This ruling triggers important deadlines regarding the rights and responsibilities of the governmental body and of the requestor. For example, governmental bodies are prohibited from asking the attorney general to reconsider this ruling. Gov't Code § 552.301(f). If the governmental body wants to challenge this ruling, the governmental body must appeal by filing suit in Travis County within 30 calendar days. Id. § 552.324(b). In order to get the full benefit of such an appeal, the governmental body must file suit within 10 calendar days. Id. § 552.353(b)(3), (c). If the governmental body does not appeal this ruling and the governmental body does not comply with it, then both the requestor and the attorney general have the right to file suit against the governmental body to enforce this ruling. Id. § 552.321(a).
If this ruling requires the governmental body to release all or part of the requested information, the governmental body is responsible for taking the next step. Based on the statute, the attorney general expects that, within 10 calendar days of this ruling, the governmental body will do one of the following three things: 1) release the public records; 2) notify the requestor of the exact day, time, and place that copies of the records will be provided or that the records can be inspected; or 3) notify the requestor of the governmental body's intent to challenge this letter ruling in court. If the governmental body fails to do one of these three things within 10 calendar days of this ruling, then the requestor should report that failure to the attorney general's Open Government Hotline, toll free, at 877/673-6839. The requestor may also file a complaint with the district or county attorney. Id. § 552.3215(e).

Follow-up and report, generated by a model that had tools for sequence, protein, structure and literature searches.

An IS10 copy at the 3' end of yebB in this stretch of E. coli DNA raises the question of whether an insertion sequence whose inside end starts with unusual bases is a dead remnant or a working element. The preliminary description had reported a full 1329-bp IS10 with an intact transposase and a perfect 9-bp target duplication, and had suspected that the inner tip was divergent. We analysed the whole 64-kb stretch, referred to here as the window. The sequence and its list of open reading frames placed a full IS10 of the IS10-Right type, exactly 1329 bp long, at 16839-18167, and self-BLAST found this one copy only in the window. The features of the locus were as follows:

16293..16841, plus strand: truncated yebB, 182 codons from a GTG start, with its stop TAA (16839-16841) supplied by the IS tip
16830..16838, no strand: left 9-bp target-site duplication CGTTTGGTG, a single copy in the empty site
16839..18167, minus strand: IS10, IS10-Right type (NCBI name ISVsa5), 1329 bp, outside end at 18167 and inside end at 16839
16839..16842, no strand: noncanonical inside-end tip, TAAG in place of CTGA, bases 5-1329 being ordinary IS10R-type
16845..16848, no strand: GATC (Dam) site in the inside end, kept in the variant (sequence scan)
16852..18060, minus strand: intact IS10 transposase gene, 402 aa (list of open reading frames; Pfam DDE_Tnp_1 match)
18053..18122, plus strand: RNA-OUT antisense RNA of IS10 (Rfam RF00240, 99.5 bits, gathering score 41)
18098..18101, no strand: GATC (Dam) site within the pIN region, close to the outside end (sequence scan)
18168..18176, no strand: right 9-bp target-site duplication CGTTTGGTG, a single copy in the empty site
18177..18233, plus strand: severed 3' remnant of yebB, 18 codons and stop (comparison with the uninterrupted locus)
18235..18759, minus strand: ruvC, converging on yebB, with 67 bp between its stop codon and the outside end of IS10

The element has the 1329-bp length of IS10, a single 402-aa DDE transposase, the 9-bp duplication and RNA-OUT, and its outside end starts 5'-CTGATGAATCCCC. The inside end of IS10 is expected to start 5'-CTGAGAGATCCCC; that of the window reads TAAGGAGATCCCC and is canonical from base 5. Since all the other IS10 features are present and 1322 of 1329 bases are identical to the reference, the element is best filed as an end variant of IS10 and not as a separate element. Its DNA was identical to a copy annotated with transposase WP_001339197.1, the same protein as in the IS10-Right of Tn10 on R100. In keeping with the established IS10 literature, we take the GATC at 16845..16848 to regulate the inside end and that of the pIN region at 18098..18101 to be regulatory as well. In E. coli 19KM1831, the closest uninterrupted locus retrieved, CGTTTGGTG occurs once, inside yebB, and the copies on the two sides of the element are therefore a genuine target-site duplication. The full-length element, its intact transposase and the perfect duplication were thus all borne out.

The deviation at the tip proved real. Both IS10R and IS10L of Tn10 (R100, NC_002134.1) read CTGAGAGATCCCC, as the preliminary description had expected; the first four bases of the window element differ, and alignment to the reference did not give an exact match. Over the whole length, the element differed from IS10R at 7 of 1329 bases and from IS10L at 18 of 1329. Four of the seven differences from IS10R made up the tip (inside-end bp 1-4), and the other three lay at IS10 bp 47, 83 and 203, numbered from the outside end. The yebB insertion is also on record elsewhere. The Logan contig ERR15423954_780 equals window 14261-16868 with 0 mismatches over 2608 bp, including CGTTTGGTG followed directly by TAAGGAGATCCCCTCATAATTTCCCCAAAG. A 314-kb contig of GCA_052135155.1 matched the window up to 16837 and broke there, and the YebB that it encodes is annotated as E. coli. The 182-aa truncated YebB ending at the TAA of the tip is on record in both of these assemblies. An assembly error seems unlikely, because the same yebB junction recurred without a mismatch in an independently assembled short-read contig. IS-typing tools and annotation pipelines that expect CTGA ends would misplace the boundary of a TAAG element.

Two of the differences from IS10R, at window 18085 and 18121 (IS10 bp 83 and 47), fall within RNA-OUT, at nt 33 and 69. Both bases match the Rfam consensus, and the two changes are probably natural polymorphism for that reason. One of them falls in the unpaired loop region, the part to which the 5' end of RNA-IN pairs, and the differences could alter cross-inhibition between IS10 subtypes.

If this ruling requires or permits the governmental body to withhold all or some of the requested information, the requestor can appeal that decision by suing the governmental body. Id. § 552.321(a); Texas Department of Public Safety v. Gilbreath, 842 S.W.2d 408,411 (Tex. App.--Austin 1992, no writ).
Please remember that under the Act the release of information triggers certain procedures for costs and charges to the requestor. If records are released in compliance with this ruling, be sure that all charges for the information are at or below the legal amounts. Questions or complaints about over-charging must be directed to the General Services Commission at 512/475-2497.
If the governmental body, the requestor, or any other person has questions or comments about this ruling, they may contact our office. Although there is no statutory deadline for contacting us, the attorney general prefers to receive any comments within 10 calendar days of the date of this ruling.
Encl. Submitted documents
cc: Mr. Seagal Wheatley
Mr. Manuel Sanchez
Mr. David Sanchez
Mr. Heberto Gutierrez, Principal
Mr. Ernest Bromley, CEO
Mr. Steve Atkins, President
POST OFFICE BOX 12548, AUSTIN, TEXAS 78711-2548 TEL: (512) 463-2100 WEB: WWW.OAG.STATE.TX.US